Breaking news: Swatch Group and Swiss Competition Commission agree on movement deliveries!

 By: Ornatus-Mundi : October 31st, 2013-16:29
The Swatch Group still holds a market-dominating position* for mechanical movements (70% market share) and key movement components (90% market share), respectively, with its daughter companies ETA and Nivarox being the main players. In 2009 Swatch Group announced that its intention to stop deliveries of movements and movement components to customers outside Swatch Group. Ever since then the Group found itself entangled in long back and forth going negotiations (documented here ) with the Swiss Competition Commission (WeKo).

This month both parties finally reached an agreement regarding the phasing out of complete movements.

The parties agreed to set the average delivery volume between 2009 and 2011 as reference point. In the years 2014 and 2015 ETA is requested to supply 75% of the reference volume, for 2016 and 2017 65%, and in the following two years 55%, respectively. After 2019 ETA is no longer obliged to deliver to non-Swatch Group customers. The agreement should buy those companies time to identify and/or establish alternative supplies.

Compared to a previously rejected agreement drafts the transitional period has been shortened by two years, the truncation of deliveries however less steep. In addition Swatch Group is no longer allowed to distinguish between those customers who already set up their own movement capabilities and those that have not - all customers are to be treated equal.

There is, however, a caveat: for SME watch companies (workforce up to 250 employees) Swatch Group may be obliged to continue supplies in cases of hardship. Furthermore WeKo reserved the right to evaluate the situation (sufficient alternatives to ETA movement available) and may theoretically extend the transitional period. Likewise, Swatch Group may apply for a shortened period should adequate alliterative been established earlier.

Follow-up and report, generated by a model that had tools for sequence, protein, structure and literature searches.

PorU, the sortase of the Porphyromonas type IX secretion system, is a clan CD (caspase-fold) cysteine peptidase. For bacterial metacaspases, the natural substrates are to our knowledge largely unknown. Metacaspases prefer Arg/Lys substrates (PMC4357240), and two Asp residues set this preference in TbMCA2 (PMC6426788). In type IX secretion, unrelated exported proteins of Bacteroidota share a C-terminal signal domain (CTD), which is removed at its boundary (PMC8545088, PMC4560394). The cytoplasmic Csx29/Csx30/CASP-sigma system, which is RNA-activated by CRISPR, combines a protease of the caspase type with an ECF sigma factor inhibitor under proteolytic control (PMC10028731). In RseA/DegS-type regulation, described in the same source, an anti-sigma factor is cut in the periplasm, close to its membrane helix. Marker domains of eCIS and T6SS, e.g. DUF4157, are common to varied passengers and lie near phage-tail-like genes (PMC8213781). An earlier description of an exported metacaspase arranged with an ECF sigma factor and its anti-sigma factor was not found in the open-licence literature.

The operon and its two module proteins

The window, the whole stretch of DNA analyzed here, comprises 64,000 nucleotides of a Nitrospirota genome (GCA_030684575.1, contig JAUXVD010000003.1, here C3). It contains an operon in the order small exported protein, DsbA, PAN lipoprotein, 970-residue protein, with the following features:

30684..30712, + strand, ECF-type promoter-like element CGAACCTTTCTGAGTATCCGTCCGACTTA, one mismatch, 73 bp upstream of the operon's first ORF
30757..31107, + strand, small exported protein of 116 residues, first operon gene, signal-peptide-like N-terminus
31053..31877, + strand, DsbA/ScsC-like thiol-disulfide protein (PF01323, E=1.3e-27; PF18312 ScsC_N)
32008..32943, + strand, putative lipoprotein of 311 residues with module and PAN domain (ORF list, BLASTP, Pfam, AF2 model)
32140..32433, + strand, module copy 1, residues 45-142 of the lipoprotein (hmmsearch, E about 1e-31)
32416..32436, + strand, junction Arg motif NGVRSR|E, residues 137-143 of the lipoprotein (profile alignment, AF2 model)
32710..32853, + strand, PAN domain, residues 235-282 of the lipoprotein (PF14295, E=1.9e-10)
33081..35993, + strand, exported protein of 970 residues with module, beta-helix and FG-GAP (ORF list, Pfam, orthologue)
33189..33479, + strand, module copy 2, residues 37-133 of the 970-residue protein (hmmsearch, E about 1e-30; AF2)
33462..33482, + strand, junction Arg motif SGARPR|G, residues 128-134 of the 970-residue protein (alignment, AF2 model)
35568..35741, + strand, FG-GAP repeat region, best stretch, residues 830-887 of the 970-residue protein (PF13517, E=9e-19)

An ETA 2824 movement beautifully reworked by independent watchmaker Thomas Prescher

This agreement confers about 70 to 80 of ETA's customers and a market volume of several hundred Mio. Swiss Franks.

What has not been finally agreed upon is the phasing out of movement components. WeKo reckons that the market is far away from dependency on Swatch Group, thus the Group is obliged to continue supplies in current quantities. This is in part due to patent litigations which further hamper the establishment of alternatives (making this effectively a self-enforcing situation).

Swatch president Nick Hayek appreciates that WeKo has send a signal to the entire industry to invest and build up their own capacities. This is particularly targeted to Swatch's main competitor Richmeond Group which, according to Hayek, invests only 30% of its investments into manufacturing (compared to Swatch's 70%). Hayek also reminds that it took ETA only an investment of 80 Mio. CHF to develop the Swatch Sistem51 (note by the author: release to the market of this watch has just been postponed due to technical problems…).

Thus it comes with no surprise that several independent watch brands such as Louis Erard voiced their concerns that WeKo just reinforced the already dominating position of Swatch. On the other hand these companies have great hopes that time is sufficient for movement manufacturers like Sellita to scale up their production to be able to fill the void in time.

*) Suppliers outside Switzerland excluded by WeKo since the label 'Swiss Made' is considered a special marketing asset.

This message has been edited by Ornatus-Mundi on 2013-10-31 16:38:20

Perhaps, by 2019, China manufacturers will be able to fill in the gap. [nt]

 By: ling5hk : October 31st, 2013-20:45
No message body

thanks for the update, Magnus ! [nt]

 By: WatchFred : November 1st, 2013-00:00
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Very important topic, thanks for the update. [nt]

 By: MichaelC : November 1st, 2013-06:09
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Any move that reduces ...

 By: AndrewD : November 1st, 2013-14:11